Spend spring break giving back

Sady Swanson

Site leader and CSU veterinary medicine student Bianca Alba works with some of the children in Kansas City last spring. The kids are apart of Operation Breakthrough, a group dedicated to helping children living in poverty. (Photo credit:Caite Plunkett)
Site leader and CSU veterinary medicine student Bianca Alba works with some of the children in Kansas City last spring. The kids are a part of Operation Breakthrough, a group dedicated to helping children living in poverty. (Photo credit: Caite Plunkett)

Alternative spring breaks offer students the opportunity to experience new cultures and places while giving back to a different community.

Colorado State University offers 16 different alternate break programs through the SLiCE office.

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“It’s about creating a meaningful dialogue,” said Alternative Breaks Coordinator Caite Plunkett.

Plunkett said no student is expected to be an expert in the area where they volunteer.

Site leader Katelynn Martinez suggested students pick an area where they would like to see themselves grow, not necessarily where they have the most knowledge.

“All the trips provide something new,” Plunkett said. “Each trip covers different passion areas and provides the opportunity for students to learn and grow.”

Information sessions for this spring’s trips are on Oct. 21 in the Lory Student Center Grey Rock Room and Oct. 22 in room 372 in the LSC from 6 p.m. to 7 p.m. Applications are due at 5 p.m. on Oct. 28.

Working with animals

Phoenix, Arizona: Volunteers work with the HALO Animal Rescue, a no-kill shelter, and learn about animal welfare, according to the Slice website. HALO, Helping Animals Live On, specializes in providing a refuge to pets that might have been killed in other shelters.

Environment

Achiote, Panama: This is the only international alternative break trip, according to the website. Students spend the week working with local organizations, focusing on environmental conservation and ecotourism while assisting with the construction of environmental projects.

Catalina, California: Students stay at the Catalina Island Camps, according to the Slice website, and participate in different environmental projects throughout the week.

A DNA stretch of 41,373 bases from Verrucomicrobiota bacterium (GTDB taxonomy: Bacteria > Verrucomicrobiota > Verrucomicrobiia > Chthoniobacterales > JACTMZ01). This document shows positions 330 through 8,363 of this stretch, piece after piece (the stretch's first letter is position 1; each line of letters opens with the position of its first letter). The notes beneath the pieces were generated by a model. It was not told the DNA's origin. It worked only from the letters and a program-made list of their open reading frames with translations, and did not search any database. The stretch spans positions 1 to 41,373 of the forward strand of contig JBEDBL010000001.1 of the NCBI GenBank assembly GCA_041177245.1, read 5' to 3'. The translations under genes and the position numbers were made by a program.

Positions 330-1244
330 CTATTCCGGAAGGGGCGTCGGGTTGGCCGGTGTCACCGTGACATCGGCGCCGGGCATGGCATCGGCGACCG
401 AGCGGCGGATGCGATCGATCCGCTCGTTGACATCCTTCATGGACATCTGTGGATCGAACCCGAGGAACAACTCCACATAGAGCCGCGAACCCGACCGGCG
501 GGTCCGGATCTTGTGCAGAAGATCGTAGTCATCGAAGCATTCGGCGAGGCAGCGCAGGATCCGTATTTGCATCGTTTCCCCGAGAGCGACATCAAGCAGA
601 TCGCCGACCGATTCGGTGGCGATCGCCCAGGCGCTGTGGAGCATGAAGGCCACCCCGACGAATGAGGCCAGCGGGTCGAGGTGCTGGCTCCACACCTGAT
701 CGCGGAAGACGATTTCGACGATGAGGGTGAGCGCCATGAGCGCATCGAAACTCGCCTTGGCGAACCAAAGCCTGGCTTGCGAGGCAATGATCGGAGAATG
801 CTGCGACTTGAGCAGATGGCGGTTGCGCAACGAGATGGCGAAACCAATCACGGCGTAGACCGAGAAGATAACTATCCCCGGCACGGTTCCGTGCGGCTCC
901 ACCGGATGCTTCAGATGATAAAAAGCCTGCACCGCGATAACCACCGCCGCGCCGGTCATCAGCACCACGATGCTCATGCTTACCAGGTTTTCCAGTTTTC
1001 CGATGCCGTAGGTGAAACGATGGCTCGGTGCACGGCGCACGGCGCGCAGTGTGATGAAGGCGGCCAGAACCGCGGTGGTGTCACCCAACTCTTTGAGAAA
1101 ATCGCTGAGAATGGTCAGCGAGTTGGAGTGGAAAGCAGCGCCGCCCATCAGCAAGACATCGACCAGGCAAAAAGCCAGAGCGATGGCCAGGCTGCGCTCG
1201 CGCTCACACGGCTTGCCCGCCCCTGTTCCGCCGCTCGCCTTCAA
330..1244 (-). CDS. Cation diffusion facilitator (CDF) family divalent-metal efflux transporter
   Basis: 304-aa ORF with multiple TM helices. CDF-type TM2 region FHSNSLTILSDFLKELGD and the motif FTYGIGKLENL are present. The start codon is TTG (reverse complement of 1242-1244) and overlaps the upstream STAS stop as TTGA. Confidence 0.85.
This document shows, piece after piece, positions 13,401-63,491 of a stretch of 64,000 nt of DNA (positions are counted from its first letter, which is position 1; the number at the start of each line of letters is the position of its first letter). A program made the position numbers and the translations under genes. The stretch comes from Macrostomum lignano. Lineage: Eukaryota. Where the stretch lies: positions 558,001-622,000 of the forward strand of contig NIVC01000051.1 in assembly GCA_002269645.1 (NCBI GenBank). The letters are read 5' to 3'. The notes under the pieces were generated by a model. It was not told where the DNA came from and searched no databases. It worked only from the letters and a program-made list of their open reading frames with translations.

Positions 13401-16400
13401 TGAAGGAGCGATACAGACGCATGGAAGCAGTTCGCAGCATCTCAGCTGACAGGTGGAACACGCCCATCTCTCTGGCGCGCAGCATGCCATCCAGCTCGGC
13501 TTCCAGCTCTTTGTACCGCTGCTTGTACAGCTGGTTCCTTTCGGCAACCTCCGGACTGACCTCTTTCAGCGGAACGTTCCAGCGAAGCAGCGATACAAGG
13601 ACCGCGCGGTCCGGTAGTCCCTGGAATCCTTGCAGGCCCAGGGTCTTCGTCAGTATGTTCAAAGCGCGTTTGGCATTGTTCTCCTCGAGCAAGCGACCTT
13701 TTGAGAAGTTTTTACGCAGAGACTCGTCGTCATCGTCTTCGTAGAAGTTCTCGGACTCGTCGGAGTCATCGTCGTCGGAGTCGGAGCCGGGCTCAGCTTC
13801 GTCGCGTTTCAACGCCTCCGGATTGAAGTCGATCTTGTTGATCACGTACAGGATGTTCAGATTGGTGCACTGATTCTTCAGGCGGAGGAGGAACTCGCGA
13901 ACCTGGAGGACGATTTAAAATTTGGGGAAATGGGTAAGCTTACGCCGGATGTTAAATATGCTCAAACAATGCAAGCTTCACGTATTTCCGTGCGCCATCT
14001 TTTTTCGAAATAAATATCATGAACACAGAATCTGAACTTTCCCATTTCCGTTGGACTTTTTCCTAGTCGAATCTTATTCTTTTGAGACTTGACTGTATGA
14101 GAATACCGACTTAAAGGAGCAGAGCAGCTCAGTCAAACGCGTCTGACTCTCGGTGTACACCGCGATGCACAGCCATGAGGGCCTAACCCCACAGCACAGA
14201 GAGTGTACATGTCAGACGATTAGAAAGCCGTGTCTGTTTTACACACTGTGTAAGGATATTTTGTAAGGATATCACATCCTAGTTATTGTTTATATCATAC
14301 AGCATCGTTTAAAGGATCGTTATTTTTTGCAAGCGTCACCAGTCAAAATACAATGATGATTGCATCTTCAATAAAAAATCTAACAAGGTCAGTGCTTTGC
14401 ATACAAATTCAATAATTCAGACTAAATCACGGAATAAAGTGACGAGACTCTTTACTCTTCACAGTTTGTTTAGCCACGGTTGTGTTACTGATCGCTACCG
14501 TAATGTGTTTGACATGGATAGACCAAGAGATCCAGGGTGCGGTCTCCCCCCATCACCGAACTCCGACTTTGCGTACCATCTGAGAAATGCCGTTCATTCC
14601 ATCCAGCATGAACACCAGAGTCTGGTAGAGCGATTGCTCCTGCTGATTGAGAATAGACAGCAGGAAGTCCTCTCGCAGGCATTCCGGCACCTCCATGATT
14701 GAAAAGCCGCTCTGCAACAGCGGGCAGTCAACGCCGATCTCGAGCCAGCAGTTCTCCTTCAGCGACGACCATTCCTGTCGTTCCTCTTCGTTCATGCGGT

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Pine Ridge, South Dakota: This trip partners with the Red Cloud Renewable Energy Center, according to the website. While learning about renewable energy, participants will also experience Lakota traditions and culture.

Taos, New Mexico: Participants will learn about living off the grid and American Indian issues and culture, according to the Slice website. Students can expect to participate in building a completely sustainable house made from recycled materials.

Working with children

Boulder Creek, California: Students spend the week at the YMCA Camp Campbell, an outdoor education camp in the Redwood forest. Students will be camp counselors to fifth and sixth grade students and do various outdoor activities, according to the Slice website.

This program is for second year students.

Kansas City, Missouri: Students spend the week working directly with children while partnering with The Children’s Place, a non-profit organization that supports young children that have survived abuse or neglect, according to the Slice website.

“It was eye opening because these children are so young, but have experienced more than you could imagine,” said Alisha Johnson, senior human development and sociology major who volunteered in Kansas City last spring break.

“Volunteering has made me realize what career I want to go into, programming for at-risk youth,” Johnson said. “It’s more about learning and changing policy and programming for families instead of just volunteering our time.”

Working with people

Atlanta, Georgia: This trip partners with the International Rescue Committee and focuses on helping refugees thrive in the United States, according to the Slice website.

Chicago, Illinois: Students will volunteer with the Brother David Darst Center for Justice, Pace, Spirituality and Education while exploring the issues of justice and oppression, according to the website.

Los Angeles, California: This alternative break focuses on gender issues. Students will work with the Downtown Women’s Center and the Asian Pacific Women’s Center while exploring the issues of gender violence and other gender issues, according the website.

New York City, New York: Students will work with the Gay Men’s Health Crisis, the oldest organization in New York City dedicated to fighting AIDS. Participants on this trip can expect to be assisting in GMHC in many ways, according to the website.

Nogales, Arizona: Participants will work with No More Deaths and Humane Borders to learn about the issue of immigration and participate in humanitarian projects.

Portland, Oregon: Volunteers learn about environmental justice and food insecurity while working with sustainable organizations, according to the website. Volunteers can expect to help out in community gardens and participate in public outreach.

Salt Lake City, Utah: Students will work with the International Rescue Committee focusing on serving refugees coming to the United States. The Slice website said students on this trip will gain a different perspective on the refugee population.

San Francisco, California: Students will look at the incarceration system. According to the website, participants will tour historic prisons in the area and work with groups like The Beat Within and Justice Now to do direct service.

Building

New Orleans, Louisiana: Students will work with the St. Bernard Project and help rebuild homes and complete other construction projects.

Collegian Reporter Sady Swanson can be reached at news@collegian.com or on Twitter at @sadyswan.